The ‘galleries' produced by embiopterans are tunnels and chambers woven from the silk they produce. These woven constructions can be found on substrates such as rocks and the bark of trees, or in leaf litter (Edgerly et al. 2006). Some species camouflage their galleries by deccorating the outer layers with bits of leaf litter or other materials to match their surroundings. The galleries are essential to their life cycle, maintaining moisture in their environment, plus offering protection from predators and elements while foraging, breeding and simply existing. The only occasion when an embiopteran will leave the gallery complex is when winged males fly out or wingless males walk out in search of a mate, or when females explore the area immediately surrounding them in search of a new food source (Edgerly et al. 2002). On detection of a potential predator or threat, the embiids retreat into their galleries, and some species have even been observed to 'play dead' until the threat is no longer present (Romoser & Stoffolano 1998).
Webspinners continually extend their galleries into new food sources, and expand their existing galleries as they grow in size. The insects spin silk by moving their forelegs back and forth over the substrate, and rotating their bodies to create a cylindrical, silk-lined tunnel. Older galleries have multiple laminate layers of silk. Each gallery complex contains a number of individuals, often descended from a single female, and forms a complex maze-like structure, extending from a secure retreat into whatever vegetable food matter is available nearby. The size and complexity of the colony varies between species, and they can be very extensive in those species that live in hot and humid climates (Hoell et al. 1998).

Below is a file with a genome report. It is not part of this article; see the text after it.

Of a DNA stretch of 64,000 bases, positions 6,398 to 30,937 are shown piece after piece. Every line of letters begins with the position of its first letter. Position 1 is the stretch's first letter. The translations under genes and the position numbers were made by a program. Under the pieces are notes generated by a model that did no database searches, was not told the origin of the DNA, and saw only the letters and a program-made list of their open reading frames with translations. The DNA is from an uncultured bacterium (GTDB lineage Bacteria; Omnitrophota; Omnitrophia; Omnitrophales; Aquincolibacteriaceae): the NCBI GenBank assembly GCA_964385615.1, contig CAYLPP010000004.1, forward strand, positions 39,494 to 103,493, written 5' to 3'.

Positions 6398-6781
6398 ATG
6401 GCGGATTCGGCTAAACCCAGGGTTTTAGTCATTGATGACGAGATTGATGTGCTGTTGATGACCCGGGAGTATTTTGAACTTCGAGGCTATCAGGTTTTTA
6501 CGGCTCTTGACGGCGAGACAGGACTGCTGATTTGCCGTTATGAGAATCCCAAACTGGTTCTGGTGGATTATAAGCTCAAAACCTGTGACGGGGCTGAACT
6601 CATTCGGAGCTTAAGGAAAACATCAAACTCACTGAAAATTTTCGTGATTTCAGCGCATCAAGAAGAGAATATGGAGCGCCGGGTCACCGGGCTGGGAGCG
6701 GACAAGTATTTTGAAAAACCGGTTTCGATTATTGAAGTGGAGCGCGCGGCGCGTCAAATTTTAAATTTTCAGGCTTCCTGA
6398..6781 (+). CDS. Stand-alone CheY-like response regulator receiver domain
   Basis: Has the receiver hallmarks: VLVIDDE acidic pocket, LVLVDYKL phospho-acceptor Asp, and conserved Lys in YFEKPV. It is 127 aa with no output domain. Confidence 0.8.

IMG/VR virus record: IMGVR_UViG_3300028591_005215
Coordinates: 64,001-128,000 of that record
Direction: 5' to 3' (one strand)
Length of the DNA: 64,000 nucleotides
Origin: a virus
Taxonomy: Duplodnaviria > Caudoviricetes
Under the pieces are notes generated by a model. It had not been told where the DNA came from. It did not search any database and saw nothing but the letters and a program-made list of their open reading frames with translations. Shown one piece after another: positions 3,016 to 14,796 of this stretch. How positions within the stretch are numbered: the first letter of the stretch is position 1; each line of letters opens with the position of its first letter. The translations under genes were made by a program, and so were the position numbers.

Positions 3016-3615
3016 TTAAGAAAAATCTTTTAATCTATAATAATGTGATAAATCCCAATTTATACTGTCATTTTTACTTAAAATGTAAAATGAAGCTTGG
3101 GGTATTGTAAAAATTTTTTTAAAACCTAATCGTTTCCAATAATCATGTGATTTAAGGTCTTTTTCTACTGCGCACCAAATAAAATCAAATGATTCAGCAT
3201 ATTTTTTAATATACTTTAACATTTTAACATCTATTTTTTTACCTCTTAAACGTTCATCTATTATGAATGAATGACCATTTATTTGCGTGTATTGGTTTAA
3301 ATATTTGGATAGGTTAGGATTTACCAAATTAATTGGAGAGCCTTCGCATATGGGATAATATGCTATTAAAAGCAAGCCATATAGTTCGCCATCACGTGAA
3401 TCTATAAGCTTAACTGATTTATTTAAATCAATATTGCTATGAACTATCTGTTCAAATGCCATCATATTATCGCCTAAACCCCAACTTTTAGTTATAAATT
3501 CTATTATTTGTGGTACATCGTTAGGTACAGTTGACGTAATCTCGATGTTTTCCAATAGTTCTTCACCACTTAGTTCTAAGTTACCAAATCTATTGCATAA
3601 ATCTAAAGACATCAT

- Collin, Matthew A., Jessica E. Garb, Janice S. Edgerly & Cheryl Y. Hayashi (2008). "Characterization of silk spun by the embiopteran, Antipaluria urichi". Insect Biochemistry and Molecular Biology 39 (2): 75–82.
- Edgerly, J. S. , J. A. Davilla & N. Schoenfeld (2002). "Silk spinning behaviour and domicile construction in webspinners". Journal of Insect Behavior 15 (2): 219–242. doi:10.1023/A:1015437001089
- Edgerly, J. S., S. M. Shenoy & V. G. Werner (2006). "Relating the cost of spinning silk to the tendency to share it for three embiids with different lifestyles (Order Embiidina: Clothodidea, Notoligotomidae, and Australembiidea)". Environmental Entomology 35 (2): 448–457. doi:10.1603/0046-225X-35.2.448.
- Hoell, H. V., J. T. Doyen & A. H. Purcell (1998). Introduction to Insect Biology and Diversity (2nd ed.). Oxford University Press. pp. 389–391. ISBN 0-19-510033-6.
- Romoser, William S. and J. G. Stoffolano. 1998. The Science of Entomology. WCB McGraw-Hill.
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